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Best Training Practices
Will Kenny
3927 York Ave N
Robbinsdale, MN 55422

How To Catch Fish and Starve To Death

ask why before you ask how

(reprinted from The Training Tipsheet)

In Minnesota, fishing is nearly the state religion. In May, the walleye season opener falls on Mother's Day weekend, generally, and if Mom doesn't fish, she's probably taking second place.

We live in a state that, with all those lakes and rivers and streams, offers more coastline than California and Florida and Hawaii put together. There's one boat for every six people in Minnesota.

Fishing has always been associated with a lot of technique, a lot of tricks and skills. And these days, it comes with a lot of technology, if you want to use it.

Over the long span of history, the purpose of fishing has changed, for many people. After all, fishing developed as a way to feed yourself. And many people still eat what they catch (especially those walleye!).

But many now fish simply for recreation, for sport. They catch fish and release them back into the lake.

Why you fish will determine a lot about how you fish, what kind of fish you go after, where you look for them. And it certainly doesn't make sense to become really good at the techniques of fishing if you don't have a reason for fishing.

Sometimes when our clients come to us for help with training issues, we treat it as a matter of technique and technology. They want to see changes in employee behavior, and we will apply our skills and knowledge to make those changes come about.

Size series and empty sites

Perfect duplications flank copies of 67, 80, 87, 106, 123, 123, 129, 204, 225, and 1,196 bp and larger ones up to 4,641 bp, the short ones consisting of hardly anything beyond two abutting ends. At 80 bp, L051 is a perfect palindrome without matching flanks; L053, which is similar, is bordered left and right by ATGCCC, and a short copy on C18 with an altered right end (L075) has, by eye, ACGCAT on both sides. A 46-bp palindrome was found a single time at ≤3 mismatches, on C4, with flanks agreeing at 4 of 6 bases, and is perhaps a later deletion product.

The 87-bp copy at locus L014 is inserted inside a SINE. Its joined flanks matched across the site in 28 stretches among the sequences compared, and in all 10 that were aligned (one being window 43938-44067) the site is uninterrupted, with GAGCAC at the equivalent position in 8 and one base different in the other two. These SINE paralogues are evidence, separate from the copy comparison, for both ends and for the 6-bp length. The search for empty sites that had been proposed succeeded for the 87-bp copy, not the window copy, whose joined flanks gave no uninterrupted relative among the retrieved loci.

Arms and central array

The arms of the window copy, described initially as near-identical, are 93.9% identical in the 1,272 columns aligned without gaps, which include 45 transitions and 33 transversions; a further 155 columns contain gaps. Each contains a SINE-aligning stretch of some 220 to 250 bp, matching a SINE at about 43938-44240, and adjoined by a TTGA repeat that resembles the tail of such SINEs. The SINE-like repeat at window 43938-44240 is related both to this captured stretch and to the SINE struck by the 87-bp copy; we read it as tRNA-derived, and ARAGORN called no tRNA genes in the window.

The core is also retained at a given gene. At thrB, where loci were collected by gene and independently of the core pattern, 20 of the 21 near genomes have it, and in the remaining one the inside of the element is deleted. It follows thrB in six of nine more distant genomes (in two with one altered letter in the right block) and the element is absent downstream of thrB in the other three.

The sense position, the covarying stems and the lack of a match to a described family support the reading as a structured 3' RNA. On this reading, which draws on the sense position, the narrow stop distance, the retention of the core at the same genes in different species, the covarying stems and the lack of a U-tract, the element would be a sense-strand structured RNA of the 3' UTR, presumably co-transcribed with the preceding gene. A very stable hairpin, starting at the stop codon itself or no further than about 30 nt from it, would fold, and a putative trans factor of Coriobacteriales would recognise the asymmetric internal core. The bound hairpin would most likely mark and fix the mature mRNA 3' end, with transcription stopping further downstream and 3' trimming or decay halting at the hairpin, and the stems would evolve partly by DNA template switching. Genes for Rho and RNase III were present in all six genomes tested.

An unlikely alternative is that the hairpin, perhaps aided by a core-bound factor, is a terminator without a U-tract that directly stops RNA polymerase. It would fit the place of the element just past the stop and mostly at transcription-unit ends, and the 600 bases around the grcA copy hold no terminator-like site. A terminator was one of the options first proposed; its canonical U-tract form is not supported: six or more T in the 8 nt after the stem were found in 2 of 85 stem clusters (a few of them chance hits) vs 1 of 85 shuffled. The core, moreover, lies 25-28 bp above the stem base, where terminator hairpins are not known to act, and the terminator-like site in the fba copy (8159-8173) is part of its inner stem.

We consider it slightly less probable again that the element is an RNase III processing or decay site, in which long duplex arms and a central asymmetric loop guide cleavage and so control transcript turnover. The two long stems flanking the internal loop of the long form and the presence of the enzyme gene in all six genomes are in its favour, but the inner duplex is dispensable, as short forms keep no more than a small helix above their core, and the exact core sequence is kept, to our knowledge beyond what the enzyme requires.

Both training staff and their internal clients might be a little happier if they asked the "Why are you fishing?" question now and then. Understanding what matters to the client can help with effective design, powerful delivery, and lasting results.

For some clients, there's a line between quality and output, for others, safety and productivity are challenges. Some are pursuing behavior changes that they believe will further some more distant or abstract goal. But with the objectivity and wisdom you can bring to the conversation, you may be able to reveal gaps between the training they think they need and more effective solutions.

Training that isn't built around an understanding of the client's priorities, concerns, and trade-offs is probably doomed to be less successful than you would like. It's like teaching someone who is starving how to catch and release fish!

Make sure all your design and delivery decisions fit the underlying needs, even the philosophy, of the clients you serve.

Ask "Why?"

© 2013 Best Training Practices -- Will Kenny

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